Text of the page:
She’s already applying her skills in her community as a member of the Upper Dublin Planning Commission. An internship with FEMA (Federal Emergency Management Agency) has also “paid off in spades,” she said. On June 1, she will begin a new career at URS Corporation as their FEMA Outreach Coordinator — “a perfect match for my interest in emergency management planning and my newly minted Community and Regional Planning degree!”
Of course returning to the classroom after 24 years did cause a bit of culture shock, Radford added.
“When I was in school previously, there was no online research; I was writing my papers on typewriters; and we primarily used a phone to communicate — at some of the locations we were stationed overseas there wasn’t even a working phone system!” she said. “In my first semester, I had a GIS (Geographic Information Systems) class, a technology that didn’t even exist 20 years ago — I had my 15-year-old helping me at home and the 20-somethings helping me at school.”
After capably managing courses like GIS and Planning Law with a little help and support from friends, faculty and students — both graduate and undergraduate — however, “I knew there wasn’t anything out there I couldn’t handle,” Radford said.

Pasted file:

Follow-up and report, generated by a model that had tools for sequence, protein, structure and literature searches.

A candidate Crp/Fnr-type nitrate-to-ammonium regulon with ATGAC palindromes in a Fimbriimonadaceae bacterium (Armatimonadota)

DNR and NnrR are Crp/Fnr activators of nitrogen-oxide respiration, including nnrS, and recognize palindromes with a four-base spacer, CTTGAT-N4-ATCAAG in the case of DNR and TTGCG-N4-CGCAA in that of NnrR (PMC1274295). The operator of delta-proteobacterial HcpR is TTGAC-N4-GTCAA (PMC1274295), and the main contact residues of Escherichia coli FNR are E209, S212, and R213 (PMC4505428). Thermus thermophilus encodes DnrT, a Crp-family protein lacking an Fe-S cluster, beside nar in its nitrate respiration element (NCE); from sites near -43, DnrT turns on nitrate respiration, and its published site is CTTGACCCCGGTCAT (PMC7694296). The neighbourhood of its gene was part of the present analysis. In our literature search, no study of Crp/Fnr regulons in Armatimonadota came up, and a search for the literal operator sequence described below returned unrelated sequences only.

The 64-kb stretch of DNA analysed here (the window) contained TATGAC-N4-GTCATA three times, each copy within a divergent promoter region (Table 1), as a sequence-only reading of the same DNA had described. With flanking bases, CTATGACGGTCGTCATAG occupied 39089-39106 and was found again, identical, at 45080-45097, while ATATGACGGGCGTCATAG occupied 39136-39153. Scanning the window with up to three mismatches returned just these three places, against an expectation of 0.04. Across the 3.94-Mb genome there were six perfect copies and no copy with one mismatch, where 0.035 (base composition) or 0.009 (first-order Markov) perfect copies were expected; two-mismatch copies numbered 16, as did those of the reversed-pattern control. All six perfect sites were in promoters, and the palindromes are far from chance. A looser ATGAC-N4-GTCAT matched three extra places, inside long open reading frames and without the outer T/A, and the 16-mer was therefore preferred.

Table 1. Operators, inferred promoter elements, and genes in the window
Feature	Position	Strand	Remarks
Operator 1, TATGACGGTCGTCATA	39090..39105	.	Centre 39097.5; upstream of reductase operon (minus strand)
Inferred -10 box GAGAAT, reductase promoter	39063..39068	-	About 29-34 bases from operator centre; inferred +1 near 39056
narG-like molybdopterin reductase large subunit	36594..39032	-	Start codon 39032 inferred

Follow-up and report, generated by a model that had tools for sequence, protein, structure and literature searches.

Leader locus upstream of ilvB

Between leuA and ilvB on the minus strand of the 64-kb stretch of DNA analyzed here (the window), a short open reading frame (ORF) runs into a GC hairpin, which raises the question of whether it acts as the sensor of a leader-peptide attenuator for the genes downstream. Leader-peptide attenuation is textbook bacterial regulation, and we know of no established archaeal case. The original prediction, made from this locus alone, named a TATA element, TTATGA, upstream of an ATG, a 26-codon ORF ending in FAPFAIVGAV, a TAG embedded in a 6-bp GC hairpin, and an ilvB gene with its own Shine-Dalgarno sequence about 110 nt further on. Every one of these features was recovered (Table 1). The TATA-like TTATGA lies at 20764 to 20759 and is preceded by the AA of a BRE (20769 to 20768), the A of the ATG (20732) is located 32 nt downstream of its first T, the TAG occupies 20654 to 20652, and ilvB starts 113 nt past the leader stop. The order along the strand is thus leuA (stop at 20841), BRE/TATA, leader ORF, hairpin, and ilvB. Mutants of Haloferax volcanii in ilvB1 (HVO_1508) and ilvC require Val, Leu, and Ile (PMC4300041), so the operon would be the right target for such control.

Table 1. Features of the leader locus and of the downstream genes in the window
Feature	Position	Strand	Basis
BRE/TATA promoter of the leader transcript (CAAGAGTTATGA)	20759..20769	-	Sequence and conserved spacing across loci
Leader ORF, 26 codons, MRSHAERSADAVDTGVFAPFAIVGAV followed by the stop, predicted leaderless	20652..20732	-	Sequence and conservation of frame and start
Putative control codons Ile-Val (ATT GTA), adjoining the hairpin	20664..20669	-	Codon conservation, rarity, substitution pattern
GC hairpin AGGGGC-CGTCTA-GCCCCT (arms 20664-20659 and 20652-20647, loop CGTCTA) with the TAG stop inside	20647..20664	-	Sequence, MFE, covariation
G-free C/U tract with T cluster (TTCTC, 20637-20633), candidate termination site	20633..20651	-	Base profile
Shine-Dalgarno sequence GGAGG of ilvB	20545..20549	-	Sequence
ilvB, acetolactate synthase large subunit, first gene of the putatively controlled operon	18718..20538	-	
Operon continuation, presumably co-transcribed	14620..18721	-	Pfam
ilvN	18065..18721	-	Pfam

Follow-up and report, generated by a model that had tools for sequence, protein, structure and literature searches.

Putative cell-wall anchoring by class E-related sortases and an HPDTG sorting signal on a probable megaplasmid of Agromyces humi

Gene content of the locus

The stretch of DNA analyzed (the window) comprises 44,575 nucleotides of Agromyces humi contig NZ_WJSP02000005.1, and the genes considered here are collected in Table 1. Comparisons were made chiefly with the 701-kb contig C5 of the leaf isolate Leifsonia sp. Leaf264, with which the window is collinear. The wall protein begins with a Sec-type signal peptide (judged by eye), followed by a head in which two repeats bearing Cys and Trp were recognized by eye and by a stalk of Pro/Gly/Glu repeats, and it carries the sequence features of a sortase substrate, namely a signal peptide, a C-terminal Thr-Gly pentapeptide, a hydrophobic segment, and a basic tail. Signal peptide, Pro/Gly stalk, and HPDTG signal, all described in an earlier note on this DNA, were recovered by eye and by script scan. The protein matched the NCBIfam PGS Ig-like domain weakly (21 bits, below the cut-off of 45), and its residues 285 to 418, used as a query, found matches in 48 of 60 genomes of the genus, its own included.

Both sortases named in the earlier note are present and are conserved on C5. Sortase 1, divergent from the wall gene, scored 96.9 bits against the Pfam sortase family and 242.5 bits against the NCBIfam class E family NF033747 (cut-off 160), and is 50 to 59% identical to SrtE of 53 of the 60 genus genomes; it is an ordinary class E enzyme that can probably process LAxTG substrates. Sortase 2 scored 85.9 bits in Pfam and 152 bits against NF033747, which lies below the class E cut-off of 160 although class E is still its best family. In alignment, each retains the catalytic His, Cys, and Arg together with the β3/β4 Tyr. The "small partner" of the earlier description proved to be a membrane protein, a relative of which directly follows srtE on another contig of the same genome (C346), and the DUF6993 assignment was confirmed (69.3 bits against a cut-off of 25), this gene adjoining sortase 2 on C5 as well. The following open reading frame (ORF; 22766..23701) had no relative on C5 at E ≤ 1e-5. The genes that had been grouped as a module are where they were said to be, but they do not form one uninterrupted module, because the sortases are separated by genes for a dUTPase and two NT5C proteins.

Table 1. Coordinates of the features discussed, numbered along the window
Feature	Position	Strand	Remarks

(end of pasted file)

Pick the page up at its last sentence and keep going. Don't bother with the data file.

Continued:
“With the evening classes, Community and Regional Planning really is a wonderful program for working adults — you’re not leaving the program with horrible amounts of debt and you don’t have to worry about daytime scheduling,” she said. “The faculty are all people working in the industry sharing their knowledge, their skill, and their connections — it’s a readymade network.”
Radford said the students readily share job leads and support one another in their career goals.
“There are so many planning career avenues to pursue — transportation, housing, community building, GIS, stormwater management, historical preservation, emergency management — and all of them are fascinating,” she said. “The program provides an extremely welcoming, supportive environment that’s prepared me for a career that I know will allow me to make a difference.”